Have you ever had your face and neck sunburned or deeply tanned while wearing your welding helmet? It sounds counter-intuitive. The helmet is supposed to protect you. Why isn’t it?
My wife noticed that I was looking deeply tanned after several days of welding. I also had what looked like sunburn on the sides of my neck. In addition, I had a white band at my hair-line which could only have come from the welding helmet since that is where the front part of the head-gear sits on my head. My nose is especially sensitive to sunburn and had been tingling.
Mig welding bronze sculptures is quick and easy, once you learn how. I recently shipped two bronze sculptures (see images on the right) to China, for installation in the new Sheraton South City Hotel in Shenyang (Opening August 18, 2013). Shipping was via a broker in Illinois, Concordia International, though Fed Ex International would also have handled the shipment. It’s easier to use a broker because they keep the paperwork straight. Fed Ex International quoted me prices of about $300 per 80 lb crate, air shipment!
Mig Welding Aluminum Problem – Black Powder Residue
I had a struggle recently trying to solve a mig welding aluminum problem. I do a lot of aluminum mig welding, primarily with 4043 wire and always wonder, what is that black powdery residue on the edges of the weld? Was it soot? If so, where would the carbon be coming from? Was the argon sucking in carbon dioxide from the atmosphere (venturi principle) and contaminating the weld?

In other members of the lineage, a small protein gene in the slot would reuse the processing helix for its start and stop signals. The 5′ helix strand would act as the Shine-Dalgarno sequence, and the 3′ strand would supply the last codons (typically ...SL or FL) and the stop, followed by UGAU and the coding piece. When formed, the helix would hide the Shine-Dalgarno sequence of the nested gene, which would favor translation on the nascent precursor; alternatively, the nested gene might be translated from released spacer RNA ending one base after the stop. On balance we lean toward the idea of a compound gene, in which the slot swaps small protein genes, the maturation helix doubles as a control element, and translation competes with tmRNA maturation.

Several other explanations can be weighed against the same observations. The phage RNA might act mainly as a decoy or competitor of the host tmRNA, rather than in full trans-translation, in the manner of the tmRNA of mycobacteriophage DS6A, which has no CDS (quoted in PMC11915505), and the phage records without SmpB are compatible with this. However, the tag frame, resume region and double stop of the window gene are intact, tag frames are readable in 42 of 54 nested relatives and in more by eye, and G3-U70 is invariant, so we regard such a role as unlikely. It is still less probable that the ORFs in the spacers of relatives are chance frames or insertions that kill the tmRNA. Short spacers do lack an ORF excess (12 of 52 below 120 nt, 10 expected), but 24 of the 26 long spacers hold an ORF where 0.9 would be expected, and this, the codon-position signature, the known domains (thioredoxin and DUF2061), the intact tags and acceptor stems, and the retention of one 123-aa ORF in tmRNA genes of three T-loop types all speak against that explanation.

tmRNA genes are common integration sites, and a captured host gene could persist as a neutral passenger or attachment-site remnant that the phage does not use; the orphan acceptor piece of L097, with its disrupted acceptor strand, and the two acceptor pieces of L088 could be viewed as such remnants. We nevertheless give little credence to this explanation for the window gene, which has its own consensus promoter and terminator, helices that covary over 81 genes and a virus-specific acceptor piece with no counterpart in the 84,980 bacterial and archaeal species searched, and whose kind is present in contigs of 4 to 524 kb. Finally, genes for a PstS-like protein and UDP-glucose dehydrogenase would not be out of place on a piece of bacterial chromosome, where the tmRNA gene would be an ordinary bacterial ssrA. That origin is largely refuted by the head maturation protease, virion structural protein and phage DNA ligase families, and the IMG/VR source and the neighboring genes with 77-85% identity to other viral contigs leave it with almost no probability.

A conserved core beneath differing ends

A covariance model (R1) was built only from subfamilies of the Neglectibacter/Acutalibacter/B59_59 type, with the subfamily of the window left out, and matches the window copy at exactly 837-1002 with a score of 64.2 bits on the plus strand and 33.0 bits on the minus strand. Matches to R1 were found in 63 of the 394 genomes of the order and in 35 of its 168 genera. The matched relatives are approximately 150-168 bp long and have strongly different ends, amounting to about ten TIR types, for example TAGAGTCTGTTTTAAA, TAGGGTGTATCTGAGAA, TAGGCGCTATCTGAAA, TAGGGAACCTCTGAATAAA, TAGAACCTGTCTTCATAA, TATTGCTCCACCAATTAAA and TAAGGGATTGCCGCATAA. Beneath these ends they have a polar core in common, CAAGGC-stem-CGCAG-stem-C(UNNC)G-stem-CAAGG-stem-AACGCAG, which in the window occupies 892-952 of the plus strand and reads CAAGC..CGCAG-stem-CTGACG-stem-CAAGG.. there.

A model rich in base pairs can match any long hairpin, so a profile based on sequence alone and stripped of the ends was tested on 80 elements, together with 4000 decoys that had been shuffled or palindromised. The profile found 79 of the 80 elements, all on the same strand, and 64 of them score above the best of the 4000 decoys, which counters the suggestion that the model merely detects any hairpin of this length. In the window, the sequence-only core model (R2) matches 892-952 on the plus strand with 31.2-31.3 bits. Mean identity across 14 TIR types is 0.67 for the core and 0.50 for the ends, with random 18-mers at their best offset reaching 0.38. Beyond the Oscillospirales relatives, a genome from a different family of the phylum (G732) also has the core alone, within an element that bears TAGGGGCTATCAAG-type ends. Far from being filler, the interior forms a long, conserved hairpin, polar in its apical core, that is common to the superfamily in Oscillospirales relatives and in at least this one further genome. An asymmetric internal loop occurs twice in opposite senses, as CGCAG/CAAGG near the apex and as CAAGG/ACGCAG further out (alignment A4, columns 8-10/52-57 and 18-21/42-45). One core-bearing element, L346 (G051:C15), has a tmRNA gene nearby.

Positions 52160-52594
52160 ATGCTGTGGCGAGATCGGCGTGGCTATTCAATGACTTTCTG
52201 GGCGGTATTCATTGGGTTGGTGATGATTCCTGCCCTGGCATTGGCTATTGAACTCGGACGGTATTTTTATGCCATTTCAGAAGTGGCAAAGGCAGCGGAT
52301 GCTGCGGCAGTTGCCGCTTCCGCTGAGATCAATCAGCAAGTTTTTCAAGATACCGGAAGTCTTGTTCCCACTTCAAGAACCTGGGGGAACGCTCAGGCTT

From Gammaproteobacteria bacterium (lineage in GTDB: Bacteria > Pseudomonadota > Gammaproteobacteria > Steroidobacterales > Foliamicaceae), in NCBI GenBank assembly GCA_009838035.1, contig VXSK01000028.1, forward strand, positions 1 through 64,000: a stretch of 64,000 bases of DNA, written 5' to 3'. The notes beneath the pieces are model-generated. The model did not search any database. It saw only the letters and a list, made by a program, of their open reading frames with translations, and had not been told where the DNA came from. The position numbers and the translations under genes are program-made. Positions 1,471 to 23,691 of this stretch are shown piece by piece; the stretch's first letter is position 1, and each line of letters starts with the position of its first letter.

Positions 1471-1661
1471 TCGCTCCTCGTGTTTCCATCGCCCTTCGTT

Which Stainless Steel to Choose?
- I prefer 304, a low-carbon, austentic stainless steel for stainless steel sculptures. 304 is the primary stainless steel used for sculptures, architecture, manufacturing, etc. 304’s composition provides a better structural advantage and durability over 316, in most cases, as well as being less expensive.
- I am usually planning to weld the stainless steel and choose 304L, the low carbon version of 304. 304 and 304L are both 18-8, i. e. 18% chromium and 8% nickel. 304L has a lower carbon content (.03% maximum) than 304 which minimizes carbide precipitation occuring when welding. Consequently, 304L can be used ‘as welded’ in severe corrosion environments and eliminates the need for annealing the metal
- I usually choose the 2B finish. The 2B finish is a mill finish, which is smooth and not the brushed finish commonly seen on kitchen appliances. I do a lot of shaping, hammering and welding of the metal, which mean I have to repair the surface and create my own finish.
- 316 looks exactly like 304 but has 2-3% molybdenum added for even greater resistance to oxidation and corrosion. 316 is the preferred metal for food preparation, breweries, pharmaceuticals, laboratory use, etc. and any containers or objects that require resistance to extreme environmental conditions such as salt water, halides and acids.
- Occasionally I will use the 201 alloy of stainless steel for non-fountain, indoor sculptures. 201 is 4.5% nickel, 7% manganese and 16.3% chromium – it looks the same as 304 but is less expensive. It has a lower level of chromium and nickel than 304 but more manganese. It’s about 30 percent stronger than 304 but has less corrosion resistant and is more difficult to form and weld than 304.
I bought a Precision Tig 225 from Lincoln Electric in May 2010. It’s worked quite well and replaced my old Square Wave 275 which they said would cost $1000 to repair with only a 1-year guarantee. So it seemed to make sense to spend $2000 and get a 3-year guarantee. Right?
I bought a new Power Mig 255XT Lincoln Electric Welder in February as my non-aluminum welder. (I do aluminum welding so regularly, my Power Mig 300 with the Cobra push-pull gun is dedicated to aluminum – too tedious to switch wire back and forth twice a day.)